I think Romney should make a similar argument this year. It is, for one thing, nonideological. There are plenty of excellent ideological — or, better, political or philosophical — arguments to make. But that’s a good nonideological one: “He’s had his chance. He has made things worse. Bring us on, give us a chance.”
Ordinary people — I’m not talking about political nuts like you and me — might well nod in agreement.
I hope you are enjoying the current issue of National Review, or will soon. Lots of good stuff in there. My own contribution is an essay called “A World of Labels: ‘Moderate liberals’ and other interesting creatures.”
“Moderate liberals”? Well, you remember what the New York Times
said: John Roberts had joined the Court’s “moderate liberals” to uphold Obamacare. Roberts and the other four Republican justices were “conservatives.” That includes Anthony Kennedy, famous as a swinger. (I’m talking about his voting record, not his “personal life.”) But the Democrats — Ginsburg, Breyer, Sotomayor, and Kagan? Just “moderate liberals.”
Ginsburg, reflect, was general counsel to the ACLU!
The New York Times has come up with some screwy phrases lately. You recall the paper’s description of George Zimmerman, the shooter in the Trayvon Martin case? “White Hispanic.” I can’t help wondering: Is Justice Sotomayor a “white Hispanic”? I guess not: In its editorials, the Times refers to her as a “Hispanic,” period. There must be some color chart, unseen by the rest of us . . .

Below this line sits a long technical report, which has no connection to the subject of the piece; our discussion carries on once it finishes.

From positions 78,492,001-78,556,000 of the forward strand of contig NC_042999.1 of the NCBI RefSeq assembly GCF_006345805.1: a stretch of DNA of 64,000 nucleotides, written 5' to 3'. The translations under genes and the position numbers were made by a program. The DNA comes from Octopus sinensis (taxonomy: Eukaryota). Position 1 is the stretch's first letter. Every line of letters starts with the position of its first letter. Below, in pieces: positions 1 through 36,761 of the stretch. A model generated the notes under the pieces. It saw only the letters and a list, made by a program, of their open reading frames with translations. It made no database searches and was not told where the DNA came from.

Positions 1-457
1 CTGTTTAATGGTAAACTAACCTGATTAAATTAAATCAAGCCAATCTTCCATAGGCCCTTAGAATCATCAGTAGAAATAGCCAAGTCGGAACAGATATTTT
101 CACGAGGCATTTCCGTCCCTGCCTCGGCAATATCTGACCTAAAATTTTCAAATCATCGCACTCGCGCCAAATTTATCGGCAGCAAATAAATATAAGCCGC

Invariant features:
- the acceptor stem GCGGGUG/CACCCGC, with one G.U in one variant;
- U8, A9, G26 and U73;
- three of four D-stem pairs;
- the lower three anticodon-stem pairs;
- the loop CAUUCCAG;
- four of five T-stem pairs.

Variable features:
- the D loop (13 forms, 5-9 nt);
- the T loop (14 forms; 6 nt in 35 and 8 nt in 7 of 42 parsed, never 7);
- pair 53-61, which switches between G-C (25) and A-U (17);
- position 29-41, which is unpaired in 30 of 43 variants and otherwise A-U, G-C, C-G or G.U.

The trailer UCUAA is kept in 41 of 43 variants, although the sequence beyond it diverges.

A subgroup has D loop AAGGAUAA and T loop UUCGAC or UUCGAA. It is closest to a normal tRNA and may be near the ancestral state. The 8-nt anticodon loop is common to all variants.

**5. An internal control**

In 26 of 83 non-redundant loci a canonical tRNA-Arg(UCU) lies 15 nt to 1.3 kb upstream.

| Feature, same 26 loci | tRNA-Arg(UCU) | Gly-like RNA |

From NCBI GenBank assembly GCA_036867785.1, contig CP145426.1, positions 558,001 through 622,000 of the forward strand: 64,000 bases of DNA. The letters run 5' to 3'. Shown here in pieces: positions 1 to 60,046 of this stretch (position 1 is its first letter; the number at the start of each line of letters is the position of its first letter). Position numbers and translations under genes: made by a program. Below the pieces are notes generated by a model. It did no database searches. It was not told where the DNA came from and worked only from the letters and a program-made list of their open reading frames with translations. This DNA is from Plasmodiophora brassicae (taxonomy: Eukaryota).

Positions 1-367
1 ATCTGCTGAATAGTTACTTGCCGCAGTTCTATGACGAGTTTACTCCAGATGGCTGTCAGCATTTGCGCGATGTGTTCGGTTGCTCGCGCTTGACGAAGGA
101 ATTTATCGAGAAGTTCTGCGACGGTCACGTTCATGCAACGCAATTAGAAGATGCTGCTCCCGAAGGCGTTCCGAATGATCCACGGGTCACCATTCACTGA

In my NR piece, I discuss this world of labels, not so much race and ethnicity as the strange world of American political taxonomy. Most people, I imagine, would like to think of themselves as “moderate” — certainly as opposed to “extremist.” But remember Barry Goldwater in 1964! “Extremism in the defense of liberty is no vice,” and “moderation in the pursuit of justice is no virtue.”
Goldwater was a conservative, of course: the author of The Conscience of a Conservative, no less. But he was also a classical liberal: a free-marketeer, a constitutionalist, a decentralizer, an anti-statist. Being a classical liberal is enough to get you labeled a right-winger or worse. (I can testify from personal experience.)
Martin Luther King gave his Nobel lecture in December 1964, a month after LBJ trounced Goldwater. He said the American people had showed “great maturity” in rejecting “a dangerous Fascist path.” It was not MLK’s finest moment, obviously.
One more thing, before I leave the subject of labels: In Europe, leftists are likely to refer to you and me — I mean, Reaganites and Thatcherites — as “neoliberals.” That is a great putdown from the left. It refers to dog-eat-dog capitalists, social Darwinists, people who would leave Grandma in the gutter.
Here in America, “neoliberals” used to refer to Charlie Peters and those around the magazine he edited, The Washington Monthly. These people were, in my estimation, moderate liberals. And let me give you a quick memory of Peters on Firing Line.
Noting that Reagan had removed lowest-income people from the tax rolls, he said, “I can’t believe it, but Reagan actually did something good for the poor.” Whereupon WFB said, “Yes, because as we all know, Reagan absolutely hates the poor.” I wish you could have seen and heard him. Maybe you did!
End with a little music? Or a poor substitute for music, namely reviews? For a review of the New York Philharmonic’s Fourth of July concert, go here. For an earlier review of mine, also in CityArts, go here. This one addresses two different subjects: Lang Lang, the Chinese pianist, and the use of music in a movie called Moonrise Kingdom.
Thanks much, and catch you tomorrow, for another mélange.
To order Jay Nordlinger’s new book, Peace, They Say: A History of the Nobel Peace Prize, the Most Famous and Controversial Prize in the World, go here. To order his collection Here, There & Everywhere, go here.